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The greatest trick the Devil ever pulled was convincing the world to sign up for Facebook

Amid the controversy around Facebook user settings, privacy violations and monetization, The Social Network humanizes Facebook’s founder and, like it or not, Zuckerberg should count this as a win.

Image representing Mark Zuckerberg as depicted...

Image via CrunchBase

I’m not going to go into much detail about why The Social Network is an excellent movie (and it is) but trust me, you should go see it. In the weeks leading up to the movie’s premiere, it was pretty clear that everyone thought that the film would be a huge PR hit against Zuckerberg, that he would come out looking like a horrible person and that it would be bad for the company. However, if you were expecting something along the lines of Pirates of Silicon Valley’s treatment of Steve Jobs, you’d be very wrong.

Instead, Eisenberg’s portrayal of Zuckerberg felt eminently human. You may not like the movie and you may not like Zuckerberg’s actions as portrayed or in real life. However, Zuckerberg has been plastered in the media as the poster boy for our disappearing privacy on the internet. Of course, this is patently untrue. We choose to put our information online and the moment we do so, we’ve given it up. Google probably deserves more blame, because they make the information so accessible, than Facebook.

Image representing Facebook as depicted in Cru...

Image via CrunchBase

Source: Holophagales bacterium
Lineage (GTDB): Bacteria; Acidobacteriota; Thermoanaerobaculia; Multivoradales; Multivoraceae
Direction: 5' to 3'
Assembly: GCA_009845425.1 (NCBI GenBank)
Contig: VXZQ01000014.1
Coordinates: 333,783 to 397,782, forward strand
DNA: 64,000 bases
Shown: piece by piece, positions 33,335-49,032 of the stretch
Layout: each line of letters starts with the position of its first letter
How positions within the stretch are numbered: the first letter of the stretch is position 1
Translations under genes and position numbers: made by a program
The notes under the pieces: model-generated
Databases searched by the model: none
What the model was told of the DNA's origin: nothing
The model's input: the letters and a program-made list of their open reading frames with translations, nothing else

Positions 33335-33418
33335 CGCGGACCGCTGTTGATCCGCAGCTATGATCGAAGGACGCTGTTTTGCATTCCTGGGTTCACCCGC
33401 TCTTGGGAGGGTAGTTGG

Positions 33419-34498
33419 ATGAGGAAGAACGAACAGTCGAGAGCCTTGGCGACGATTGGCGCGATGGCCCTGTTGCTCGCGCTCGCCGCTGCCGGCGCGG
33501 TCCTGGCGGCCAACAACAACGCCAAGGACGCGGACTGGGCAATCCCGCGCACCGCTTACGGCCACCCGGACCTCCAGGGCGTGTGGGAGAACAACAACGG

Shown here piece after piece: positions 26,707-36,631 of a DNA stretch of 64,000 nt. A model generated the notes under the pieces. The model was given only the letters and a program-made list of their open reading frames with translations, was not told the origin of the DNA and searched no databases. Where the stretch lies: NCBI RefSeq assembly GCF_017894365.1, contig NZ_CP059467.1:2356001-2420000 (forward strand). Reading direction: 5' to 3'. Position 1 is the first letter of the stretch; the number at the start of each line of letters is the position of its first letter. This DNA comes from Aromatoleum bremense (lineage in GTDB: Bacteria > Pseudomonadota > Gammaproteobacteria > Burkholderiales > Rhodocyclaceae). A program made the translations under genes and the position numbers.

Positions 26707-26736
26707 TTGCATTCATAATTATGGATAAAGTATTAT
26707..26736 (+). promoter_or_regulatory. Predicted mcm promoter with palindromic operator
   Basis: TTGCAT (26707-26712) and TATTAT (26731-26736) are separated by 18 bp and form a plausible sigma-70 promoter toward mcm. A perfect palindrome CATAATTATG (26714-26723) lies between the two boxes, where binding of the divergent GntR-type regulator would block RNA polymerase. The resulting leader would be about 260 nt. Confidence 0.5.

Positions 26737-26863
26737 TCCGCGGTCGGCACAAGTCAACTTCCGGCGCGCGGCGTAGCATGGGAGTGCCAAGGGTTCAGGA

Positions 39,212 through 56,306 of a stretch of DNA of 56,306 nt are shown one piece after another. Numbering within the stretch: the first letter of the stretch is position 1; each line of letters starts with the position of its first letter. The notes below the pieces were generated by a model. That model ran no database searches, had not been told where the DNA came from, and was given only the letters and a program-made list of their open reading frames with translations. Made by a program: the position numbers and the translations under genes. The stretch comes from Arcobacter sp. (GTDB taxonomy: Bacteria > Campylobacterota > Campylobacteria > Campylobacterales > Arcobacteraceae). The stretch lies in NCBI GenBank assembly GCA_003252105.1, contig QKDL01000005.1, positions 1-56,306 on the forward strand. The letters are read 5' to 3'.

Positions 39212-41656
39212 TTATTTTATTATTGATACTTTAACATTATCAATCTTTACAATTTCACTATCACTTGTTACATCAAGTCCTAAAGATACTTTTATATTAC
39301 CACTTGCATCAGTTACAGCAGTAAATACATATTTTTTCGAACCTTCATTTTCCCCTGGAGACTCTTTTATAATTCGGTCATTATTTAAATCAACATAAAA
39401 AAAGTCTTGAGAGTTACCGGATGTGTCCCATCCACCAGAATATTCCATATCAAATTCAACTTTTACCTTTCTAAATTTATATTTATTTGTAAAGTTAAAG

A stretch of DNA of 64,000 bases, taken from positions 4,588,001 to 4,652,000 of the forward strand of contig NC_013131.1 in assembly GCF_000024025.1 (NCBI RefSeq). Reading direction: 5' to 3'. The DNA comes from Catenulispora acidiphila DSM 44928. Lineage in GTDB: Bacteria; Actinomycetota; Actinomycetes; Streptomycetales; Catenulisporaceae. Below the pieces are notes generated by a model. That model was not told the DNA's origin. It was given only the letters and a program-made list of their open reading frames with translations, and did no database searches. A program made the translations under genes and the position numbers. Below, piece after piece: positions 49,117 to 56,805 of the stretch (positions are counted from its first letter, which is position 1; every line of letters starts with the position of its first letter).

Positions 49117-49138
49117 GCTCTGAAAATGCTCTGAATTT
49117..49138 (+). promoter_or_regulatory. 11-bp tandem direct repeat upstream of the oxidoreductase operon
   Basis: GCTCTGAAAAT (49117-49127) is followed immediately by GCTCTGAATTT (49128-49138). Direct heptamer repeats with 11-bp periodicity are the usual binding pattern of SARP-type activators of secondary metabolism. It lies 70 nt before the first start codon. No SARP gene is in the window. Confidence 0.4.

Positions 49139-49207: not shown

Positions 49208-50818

Facebook made the internet cool for the masses and, more than any other site, really broke the barrier for the social web and in our heads, when it comes to sharing information about ourselves. As a result, Zuckerberg often is the scapegoat for our entrance into the panopticon and he doesn’t always deal with it well. Zuckerberg has become a symbol to many for the loss of privacy in the internet age but The Social Network has taken a big step in breaking this down.

Past here are spoilers, so go see the movie, come back and we can continue the discussion.

Zuckerberg’s character in the film feels the loss of privacy himself, before Facebook even begins and in many ways he’s burned by it. However, that’s not the most significant thing in the movie that should help the Facebook founder’s image.

A great line comes at the very end of the film:

“Every creation myth needs a devil.”

The thing is, we’re not talking about the creation myth of Facebook, but of the new age of social networking. In our information age, Zuckerberg is pretty much the privacy devil to many. More than anything else, the film did a great job of contrasting the expectations and assumptions others dumped on Zuckerberg to the life of a real human being. Zuckerberg may have come off as a bad guy or socially incompetent but he still seems human. This might be the biggest PR victory for Facebook yet.

The best part is subtle and only fully uncovered at the very end of the movie. In the end, The Social Network, fact or fiction, is a movie about a guy and a girl. The whole thing starts off as a reaction to a break-up. Throughout the movie, we see Zuckerberg staring out into space and it is pretty clear that he thinking back to the girl in the beginning of it all. Then there’s the final scene, Zuckerberg, sitting by himself, refreshing his computer to see if the woman he cares about will accept his friend request. The last sounds we hear are just him clicking the refresh button over and over.

Mark Zuckerberg can’t be easily portrayed as an inhuman devil after seeing this film. Good or bad, Jesse Eisenberg has made him powerfully human.

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  1. Lisa Schaefer on Wednesday 6, 2010

    In the days of small towns and small schools, nobody had privacy. They had community. Everyone knew their neighbors and their classmates. They didn’t constantly hide indoors so that nobody would know who they were.

    Flash to today: People need to promote themselves to get ahead. But people chide others – especially women – for doing so, saying that they’re only inviting trouble. But if we don’t let women put themselves out there, how will we ever get a female president?